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The New Form of Currency


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A representation of Central Bank Digital Currencies.

Central bank digital currencies (CBDCs) take the best aspects of cryptocurrencies (speed, universal transfers and transactions) and put those benefits under the authority of a national government.

Credit: Arise News

Central banks across the world are embarking on a brave new experiment. They are exploring central bank digital currencies (CBDCs), a digital form of government-backed, government-controlled money.

CBDCs are purely digital currencies. Unlike cryptocurrencies like Bitcoin, CBDCs are tied to a nation's currency and are centrally regulated. They take the best of cryptos—speed, universal transfers and transactions—and put those benefits under the authority of a national government. As a result, CBDCs are a smarter version of cash that enables central banks to deal directly with institutions (banks, etc.), rather than relying on today's legacy payment and transfer infrastructure to move money. CBDCs also enable smarter banking for individual citizens, in theory opening up a future where citizens could transact directly with central banks.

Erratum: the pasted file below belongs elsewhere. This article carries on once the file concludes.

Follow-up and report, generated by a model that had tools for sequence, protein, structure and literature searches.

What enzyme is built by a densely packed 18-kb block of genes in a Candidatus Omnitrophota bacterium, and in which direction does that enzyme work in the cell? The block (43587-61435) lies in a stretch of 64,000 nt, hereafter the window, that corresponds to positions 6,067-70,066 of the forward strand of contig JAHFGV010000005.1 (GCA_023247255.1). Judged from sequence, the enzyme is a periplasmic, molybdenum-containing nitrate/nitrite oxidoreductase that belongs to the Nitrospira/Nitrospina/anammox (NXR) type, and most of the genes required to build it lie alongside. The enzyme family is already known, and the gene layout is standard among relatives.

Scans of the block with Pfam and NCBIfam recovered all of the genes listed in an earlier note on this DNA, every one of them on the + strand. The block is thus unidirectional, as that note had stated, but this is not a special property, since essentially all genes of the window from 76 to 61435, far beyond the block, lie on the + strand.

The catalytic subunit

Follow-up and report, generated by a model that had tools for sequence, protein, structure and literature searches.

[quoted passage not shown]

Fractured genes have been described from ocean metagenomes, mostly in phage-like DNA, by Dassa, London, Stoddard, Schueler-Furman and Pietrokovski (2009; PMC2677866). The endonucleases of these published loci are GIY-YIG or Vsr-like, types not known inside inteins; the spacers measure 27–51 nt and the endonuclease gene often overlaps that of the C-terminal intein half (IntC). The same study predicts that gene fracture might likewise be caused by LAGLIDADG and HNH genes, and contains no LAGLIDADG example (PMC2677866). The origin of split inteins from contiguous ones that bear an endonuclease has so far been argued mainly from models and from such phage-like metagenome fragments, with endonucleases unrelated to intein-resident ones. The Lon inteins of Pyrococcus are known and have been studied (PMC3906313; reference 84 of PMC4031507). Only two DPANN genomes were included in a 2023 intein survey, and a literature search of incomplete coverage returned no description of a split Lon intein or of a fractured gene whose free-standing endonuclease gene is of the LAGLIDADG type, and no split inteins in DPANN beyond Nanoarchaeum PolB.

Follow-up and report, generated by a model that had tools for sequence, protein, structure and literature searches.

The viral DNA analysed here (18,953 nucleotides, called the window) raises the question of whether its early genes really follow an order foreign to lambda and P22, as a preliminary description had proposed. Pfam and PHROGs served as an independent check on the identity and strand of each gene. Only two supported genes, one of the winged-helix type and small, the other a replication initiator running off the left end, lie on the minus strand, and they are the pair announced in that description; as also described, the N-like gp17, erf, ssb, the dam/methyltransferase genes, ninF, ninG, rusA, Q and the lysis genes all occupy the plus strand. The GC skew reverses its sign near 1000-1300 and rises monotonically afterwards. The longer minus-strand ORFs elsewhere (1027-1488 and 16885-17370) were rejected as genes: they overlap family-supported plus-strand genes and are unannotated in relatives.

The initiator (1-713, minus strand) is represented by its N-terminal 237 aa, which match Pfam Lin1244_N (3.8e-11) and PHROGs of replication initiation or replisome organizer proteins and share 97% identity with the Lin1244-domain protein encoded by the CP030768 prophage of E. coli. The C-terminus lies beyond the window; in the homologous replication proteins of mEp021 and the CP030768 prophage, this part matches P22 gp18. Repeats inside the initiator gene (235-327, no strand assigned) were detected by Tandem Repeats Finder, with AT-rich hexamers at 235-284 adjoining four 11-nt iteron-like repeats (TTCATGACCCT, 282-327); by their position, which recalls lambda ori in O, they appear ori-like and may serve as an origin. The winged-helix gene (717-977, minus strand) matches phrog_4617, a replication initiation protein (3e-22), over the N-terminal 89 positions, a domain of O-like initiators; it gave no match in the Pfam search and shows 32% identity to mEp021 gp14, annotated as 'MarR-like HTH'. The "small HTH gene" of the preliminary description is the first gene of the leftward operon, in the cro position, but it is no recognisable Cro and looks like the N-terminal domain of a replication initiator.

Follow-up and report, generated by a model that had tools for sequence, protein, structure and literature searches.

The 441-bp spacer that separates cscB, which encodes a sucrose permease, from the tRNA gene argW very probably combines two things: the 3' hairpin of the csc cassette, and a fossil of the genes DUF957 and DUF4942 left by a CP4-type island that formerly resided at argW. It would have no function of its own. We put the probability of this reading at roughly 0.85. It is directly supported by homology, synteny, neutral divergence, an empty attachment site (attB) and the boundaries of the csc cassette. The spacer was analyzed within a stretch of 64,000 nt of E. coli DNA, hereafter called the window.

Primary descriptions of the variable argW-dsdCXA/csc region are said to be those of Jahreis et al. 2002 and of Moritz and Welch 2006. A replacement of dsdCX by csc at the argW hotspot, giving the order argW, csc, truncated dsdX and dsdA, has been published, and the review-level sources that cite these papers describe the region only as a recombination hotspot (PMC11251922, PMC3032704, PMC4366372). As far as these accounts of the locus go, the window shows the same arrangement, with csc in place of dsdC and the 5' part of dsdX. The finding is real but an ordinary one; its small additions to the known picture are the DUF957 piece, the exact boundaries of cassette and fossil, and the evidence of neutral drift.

Not every CBDC project is alike. Some CBDCs use blockchain, the technology which underpins cryptocurrencies, while others are simply exclusively digital forms of national currencies.

More than 80 central banks globally have started to explore CBDCs in an effort to make markets and payments work better. The highest-profile exploratory work today comes from the U.S., which is toying with the idea of a "digital dollar." However, only 14% of central banks have actually launched a CBDC pilot program or have one in development.

Among those actually using CBDCs, China's "digital yuan" is the most notable. China has already given away millions in digital yuan to its citizens. The CBDC can be used for payment at JD.com, one of the country's biggest ecommerce companies, and citizens can turn digital yuan into cash, if needed, at more than 3,000 ATMs across China.